The Last Hotel and I are neighbors. And like any nosy neighbor, I had been dying to get a look inside to see what the new owner — Tim Dixon of Fe Equus Development — had done with the place.
In short, it’s very cool — the kind of place where you’d want to spend time when you’re not sleeping, which cannot be said of all hotels. Locals will feel right at home there, too.
The 142-room hotel opened in June after a $54 million renovation that took about 18 months. The property is managed by Trust Hospitality.
Originally the headquarters for the International Shoe Co. and most recently home to a charter school, the 10-story building was designed by Union Station architect Theodore C. Link and constructed in 1909.
The Last Hotel draws inspiration from the building’s roots. A “last” is a shoemaker’s metal, foot-shaped tool; you’ll see a few on display. At the bar, leather “heel” coasters are placed under drinks. And the hotel’s logo includes a line drawing of a shoemaker, adapted from original details on the building’s exterior.
All staff members we encountered — bellhops, managers, bartenders, servers, housekeepers — were friendly and attentive.
In the lobby, contemporary artwork, bold patterns and rich textures blend seamlessly with original Corinthian columns and well-worn hardwood, marble and terrazzo floors. Get comfy and sip a cocktail on one of the leather sofas, or assemble your group in one of several intimate seating areas or at the vintage pool table. A row of shoe-shine chairs sits in a nook between the bar and restaurant.
On the rooftop, where you needn’t be a hotel guest, but you do need to be 21 or older, a 12-by-60-foot pool (heated to 77 degrees) is flanked by lounge chairs and tables. An adjacent, enclosed bar provides cocktail service and selections from an abbreviated food menu. The roof is open year-round.
While you’re taking in the view, be sure to snap selfies with the resident hippo (which previously peered over the roof’s edge) and manatee (which once hung in the lobby). In the space between the deck and rooftop edge, you’ll notice a bright-blue reservoir; that’s a “blue roof,” designed to minimize stormwater runoff.
A large fitness center on the eighth floor is equipped with weights, treadmills, elliptical machines and high-tech Peloton stationary bikes.
Our junior suite at the Last Hotel was overwhelming — in the best way. Its juxtaposition of raw textures (concrete, brick, peeling paint) with posh textiles and finishes (leather, velour, wood) creates a warm, luxurious environment.
All the comforts of home are there: a big-screen TV with plenty of channels and casting capabilities, a bedside Bluetooth stereo, a seating area with books and magazines, a desk with plenty of USB charging ports and floor-to-ceiling windows with views of Washington Avenue.
There’s also a well-stocked minibar filled with things you can buy, such as an exclusive Still 630 Two-Step Gin ($34), wine ($25), soda and tonic ($3), and some locally made snacks. The tiny fridge was so well stocked with items for sale that it took some maneuvering to wedge our dinner leftovers in there.
A bar shaker, jigger and other drink-making accouterments were also there, available for purchase. A bottle of water was complimentary.
The king-size bed’s pillowtop Serta mattress, comforter and pillows were fluffy and relaxing, providing a restful night’s sleep.
The spacious bathroom has all the basics, including full-size bottles of body wash, shampoo, conditioner and lotion. They’re free to use and can be taken home for $20 each. But the highlight is a roomy shower featuring white subway tile. Comfy terry-cloth robes await in the closet.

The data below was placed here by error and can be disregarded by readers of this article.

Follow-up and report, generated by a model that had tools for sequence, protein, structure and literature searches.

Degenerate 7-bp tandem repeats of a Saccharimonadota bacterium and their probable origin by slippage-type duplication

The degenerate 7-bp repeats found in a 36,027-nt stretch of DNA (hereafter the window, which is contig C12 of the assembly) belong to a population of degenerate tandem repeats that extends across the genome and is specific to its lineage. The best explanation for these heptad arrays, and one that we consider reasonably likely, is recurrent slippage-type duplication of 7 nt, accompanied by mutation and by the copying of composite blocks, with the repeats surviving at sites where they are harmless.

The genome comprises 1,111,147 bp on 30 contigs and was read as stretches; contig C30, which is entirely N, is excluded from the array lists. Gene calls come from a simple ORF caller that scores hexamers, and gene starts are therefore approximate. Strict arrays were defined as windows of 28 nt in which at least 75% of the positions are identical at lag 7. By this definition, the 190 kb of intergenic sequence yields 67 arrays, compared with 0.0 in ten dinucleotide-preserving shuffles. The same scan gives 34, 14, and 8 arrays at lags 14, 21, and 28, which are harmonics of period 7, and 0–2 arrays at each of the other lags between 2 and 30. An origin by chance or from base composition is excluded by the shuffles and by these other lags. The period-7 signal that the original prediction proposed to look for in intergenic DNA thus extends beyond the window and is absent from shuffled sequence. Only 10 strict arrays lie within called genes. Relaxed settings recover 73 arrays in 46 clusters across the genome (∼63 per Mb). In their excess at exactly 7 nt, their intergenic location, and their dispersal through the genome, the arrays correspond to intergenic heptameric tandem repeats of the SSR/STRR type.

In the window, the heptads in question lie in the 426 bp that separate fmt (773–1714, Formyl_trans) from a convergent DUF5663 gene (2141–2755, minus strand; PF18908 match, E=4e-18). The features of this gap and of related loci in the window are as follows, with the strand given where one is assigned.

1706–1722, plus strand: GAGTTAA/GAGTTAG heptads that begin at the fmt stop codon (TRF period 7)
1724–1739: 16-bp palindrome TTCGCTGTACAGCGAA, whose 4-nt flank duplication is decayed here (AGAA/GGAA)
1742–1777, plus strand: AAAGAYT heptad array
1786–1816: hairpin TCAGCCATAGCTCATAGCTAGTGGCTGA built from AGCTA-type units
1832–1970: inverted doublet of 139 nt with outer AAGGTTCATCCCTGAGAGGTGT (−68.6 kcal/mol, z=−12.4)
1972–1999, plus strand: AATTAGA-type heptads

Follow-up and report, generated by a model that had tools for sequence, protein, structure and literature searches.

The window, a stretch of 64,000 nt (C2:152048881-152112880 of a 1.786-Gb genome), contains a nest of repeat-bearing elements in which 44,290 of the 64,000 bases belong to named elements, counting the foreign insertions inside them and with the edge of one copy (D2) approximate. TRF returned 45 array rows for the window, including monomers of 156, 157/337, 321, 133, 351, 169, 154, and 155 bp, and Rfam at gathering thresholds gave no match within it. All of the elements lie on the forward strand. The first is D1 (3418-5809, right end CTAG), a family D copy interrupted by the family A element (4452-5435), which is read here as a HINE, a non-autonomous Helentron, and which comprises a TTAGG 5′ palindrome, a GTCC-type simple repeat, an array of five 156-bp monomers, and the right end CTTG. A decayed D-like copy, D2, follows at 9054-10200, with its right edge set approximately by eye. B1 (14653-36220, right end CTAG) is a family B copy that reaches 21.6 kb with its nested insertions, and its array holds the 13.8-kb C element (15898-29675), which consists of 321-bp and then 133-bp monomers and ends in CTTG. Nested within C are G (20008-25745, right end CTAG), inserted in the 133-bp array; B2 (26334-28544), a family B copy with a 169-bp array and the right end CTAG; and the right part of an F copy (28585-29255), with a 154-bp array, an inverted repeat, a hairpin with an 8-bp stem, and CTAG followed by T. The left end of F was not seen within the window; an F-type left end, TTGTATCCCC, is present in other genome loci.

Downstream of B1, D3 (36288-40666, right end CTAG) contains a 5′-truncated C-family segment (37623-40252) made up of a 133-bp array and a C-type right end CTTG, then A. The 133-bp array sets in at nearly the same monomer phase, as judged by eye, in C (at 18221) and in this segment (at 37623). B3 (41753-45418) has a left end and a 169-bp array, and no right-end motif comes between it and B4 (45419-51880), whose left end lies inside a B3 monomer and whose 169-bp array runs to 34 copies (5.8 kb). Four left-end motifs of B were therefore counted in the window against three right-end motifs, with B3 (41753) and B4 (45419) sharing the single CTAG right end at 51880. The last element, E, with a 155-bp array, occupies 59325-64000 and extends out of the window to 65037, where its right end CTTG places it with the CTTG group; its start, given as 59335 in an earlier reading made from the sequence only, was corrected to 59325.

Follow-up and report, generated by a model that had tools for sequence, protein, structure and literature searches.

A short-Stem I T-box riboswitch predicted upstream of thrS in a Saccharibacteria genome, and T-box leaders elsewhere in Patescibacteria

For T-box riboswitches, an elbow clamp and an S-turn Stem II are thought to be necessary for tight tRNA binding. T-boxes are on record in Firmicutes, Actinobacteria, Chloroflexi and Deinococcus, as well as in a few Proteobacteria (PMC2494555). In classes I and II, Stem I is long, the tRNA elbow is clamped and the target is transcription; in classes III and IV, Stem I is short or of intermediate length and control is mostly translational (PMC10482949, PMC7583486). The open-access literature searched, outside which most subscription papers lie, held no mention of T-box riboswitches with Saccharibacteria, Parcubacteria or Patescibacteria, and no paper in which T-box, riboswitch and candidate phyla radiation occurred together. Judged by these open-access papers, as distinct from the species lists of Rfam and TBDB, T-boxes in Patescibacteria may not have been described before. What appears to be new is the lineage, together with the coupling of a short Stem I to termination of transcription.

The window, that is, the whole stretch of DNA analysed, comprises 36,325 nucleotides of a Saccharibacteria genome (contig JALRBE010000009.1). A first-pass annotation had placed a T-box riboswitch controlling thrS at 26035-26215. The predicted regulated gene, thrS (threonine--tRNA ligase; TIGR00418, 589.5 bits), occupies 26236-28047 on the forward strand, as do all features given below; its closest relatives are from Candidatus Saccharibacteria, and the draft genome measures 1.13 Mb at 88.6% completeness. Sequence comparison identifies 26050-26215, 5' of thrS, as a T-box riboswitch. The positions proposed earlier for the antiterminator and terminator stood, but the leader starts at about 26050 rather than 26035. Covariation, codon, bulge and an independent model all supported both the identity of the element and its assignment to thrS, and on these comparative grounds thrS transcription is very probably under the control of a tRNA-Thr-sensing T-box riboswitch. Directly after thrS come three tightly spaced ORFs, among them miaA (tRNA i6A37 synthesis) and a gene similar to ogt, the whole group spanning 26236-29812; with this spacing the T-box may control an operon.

Less elegant, though, was the toilet paper. While folded to a crisp point, it was not particularly soft. (But above the toilet, a big, framed photo of a pair of stockinged legs made me laugh.)
Sometimes, as a restaurant critic, I am a befuddled every-diner, wondering why anyone lacking an expense account and the abdominal constitutio…
At the Last Kitchen, you can order from the upscale dinner menu or the more casual bar menu. Both, under executive chef Evy Swoboda (formerly of Gerard Craft’s Pastaria), offer a concise selection of approachable fare inspired by her visits to restaurants along the Mississippi River. Post-Dispatch critic Ian Froeb recently awarded the Last Kitchen 2½ stars, praising it as a standout among new hotel restaurants.
The dinner menu includes “chef’s plates” — a roasted half-chicken, a 14-ounce sirloin, salmon or a duck breast — along with soups, salads and starters.
From the bar menu, we enjoyed a Power Bowl with farro, quinoa, zucchini, corn, giardiniera, goat cheese, sweet corn dressing and chicken ($20; $13 without chicken) and a Fire Grilled Chicken sandwich topped with honey mustard and Provel and served with fries ($12).
Frozen cocktails such as Frosé (served with a biodegradable agave drinking straw) are among the rooftop drink offerings. In the lobby, the bartenders serve up well-made classic cocktails (I recommend the whiskey-based, beautifully garnished Weatherbird) as well as wine and beer.
The Last Hotel is in downtown west, just off the beaten path of downtown’s main attractions. But there’s plenty to see and do nearby — just venture outside and take a walk. City Museum is right behind the hotel, and bustling Washington Avenue is lined with restaurants and bars, most to the east. The new Fields Foods supermarket is just two blocks west, and new attractions at Union Station are a short walk southwest.
On the bottom shelf of the minibar, there’s a hotel-standard single-cup coffee maker. I only realized it wasn’t actually plugged in when, after several minutes, it failed to produce coffee.
And our room didn’t include a “do not disturb” sign; thankfully, there was no early wake-up call from the housekeeping staff.
Where The Last Hotel, 1501 Washington Avenue • How much Rooms start at $159 per night • More info 314-390-2500; thelasthotelstl.com